Why Capitalism is Awesome.
The U.S. Chamber of Commerce Foundation reads the Internet so that you don’t have to, sharing a short list of curated blog posts for your Friday reading.
But the true genius of the market economy isn't that it produces prominent, highly publicized goods to inspire retail queues, or the medical breakthroughs that make the nightly news. No, the genius of capitalism is found in the tiny things -- the things that nobody notices.
Want higher wages for struggling families? Then allow more building in high-wage areas.
The U.S. economy appears to be transitioning to a subscription-based model, “in which firms will focus less on selling things, and more on gaining recurring customers.”
The U.S. government has $70 trillion in off-balance-sheet liabilities, translating into a 500% debt-to-GDP ratio.
Seventy-seven percent of employers are using social media to recruit new employees, with LinkedIn as the biggest driver.
Uncertainty appears to be on the wane in the economy, down to its lowest level since 2008. Yet, as Jim Tankersly wonders, whatever happened to the job growth we thought would result from an increase in certainty? Tankersly tries to make the point that uncertainty doesn’t appear to have as much influence on job creation as many businesses make it out to be, but I think that’s going a bit too far.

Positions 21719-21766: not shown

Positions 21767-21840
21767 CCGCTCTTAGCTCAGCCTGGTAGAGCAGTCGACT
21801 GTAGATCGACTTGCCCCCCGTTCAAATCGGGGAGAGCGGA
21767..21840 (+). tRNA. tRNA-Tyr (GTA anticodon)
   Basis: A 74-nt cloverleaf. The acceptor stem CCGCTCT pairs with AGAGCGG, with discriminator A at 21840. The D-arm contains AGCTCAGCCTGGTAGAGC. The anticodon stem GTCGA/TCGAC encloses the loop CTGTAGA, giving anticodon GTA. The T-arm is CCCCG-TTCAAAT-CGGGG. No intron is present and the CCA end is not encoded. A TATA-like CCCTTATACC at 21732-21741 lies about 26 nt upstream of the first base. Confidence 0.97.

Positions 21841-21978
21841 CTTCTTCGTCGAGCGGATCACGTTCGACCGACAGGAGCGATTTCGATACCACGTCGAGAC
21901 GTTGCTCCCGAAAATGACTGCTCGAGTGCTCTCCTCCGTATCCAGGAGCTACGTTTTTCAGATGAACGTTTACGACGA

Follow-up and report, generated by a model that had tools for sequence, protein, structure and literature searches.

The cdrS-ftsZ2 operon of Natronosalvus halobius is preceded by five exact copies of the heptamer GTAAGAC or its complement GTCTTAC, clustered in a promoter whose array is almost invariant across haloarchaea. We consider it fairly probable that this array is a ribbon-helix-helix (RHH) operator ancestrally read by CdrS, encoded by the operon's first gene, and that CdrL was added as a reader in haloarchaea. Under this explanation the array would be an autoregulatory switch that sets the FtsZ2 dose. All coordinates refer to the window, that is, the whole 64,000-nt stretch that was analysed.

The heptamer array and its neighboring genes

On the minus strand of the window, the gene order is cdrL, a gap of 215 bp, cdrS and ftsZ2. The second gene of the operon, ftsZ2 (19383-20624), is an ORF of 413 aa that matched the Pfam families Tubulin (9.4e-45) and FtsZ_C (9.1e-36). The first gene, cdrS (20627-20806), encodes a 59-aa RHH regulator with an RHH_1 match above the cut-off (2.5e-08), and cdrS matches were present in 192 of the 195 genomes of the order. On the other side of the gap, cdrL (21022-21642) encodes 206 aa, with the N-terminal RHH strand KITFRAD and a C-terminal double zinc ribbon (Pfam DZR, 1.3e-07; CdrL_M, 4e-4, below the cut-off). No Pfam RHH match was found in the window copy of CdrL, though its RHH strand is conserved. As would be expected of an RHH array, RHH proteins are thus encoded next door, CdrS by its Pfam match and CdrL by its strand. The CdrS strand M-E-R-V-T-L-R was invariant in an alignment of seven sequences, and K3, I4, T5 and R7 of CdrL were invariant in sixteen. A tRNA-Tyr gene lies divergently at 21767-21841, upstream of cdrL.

- The Index has always been a leading indicator, so perhaps we’re too early to see the effects of a decline in uncertainty.
- The Index is much better at detailing the effects of uncertainty shocks (which we haven’t really faced since the debt limit fight) on the stock market (which is clearly not what Tankersly is looking at).
- We live in a complex economy where a number of other factors are at play; the Uncertainty Index is one imperfect measurement of one important factor in the broader economy.
- What Tankersly should have argued was that businesses continue to face significant demand uncertainty; he would have at least been on stronger empirical grounds then.
Regardless, I can guarantee you that the Index’s creators will still be watching the labor market with great interest to see how it tracks uncertainty going forward.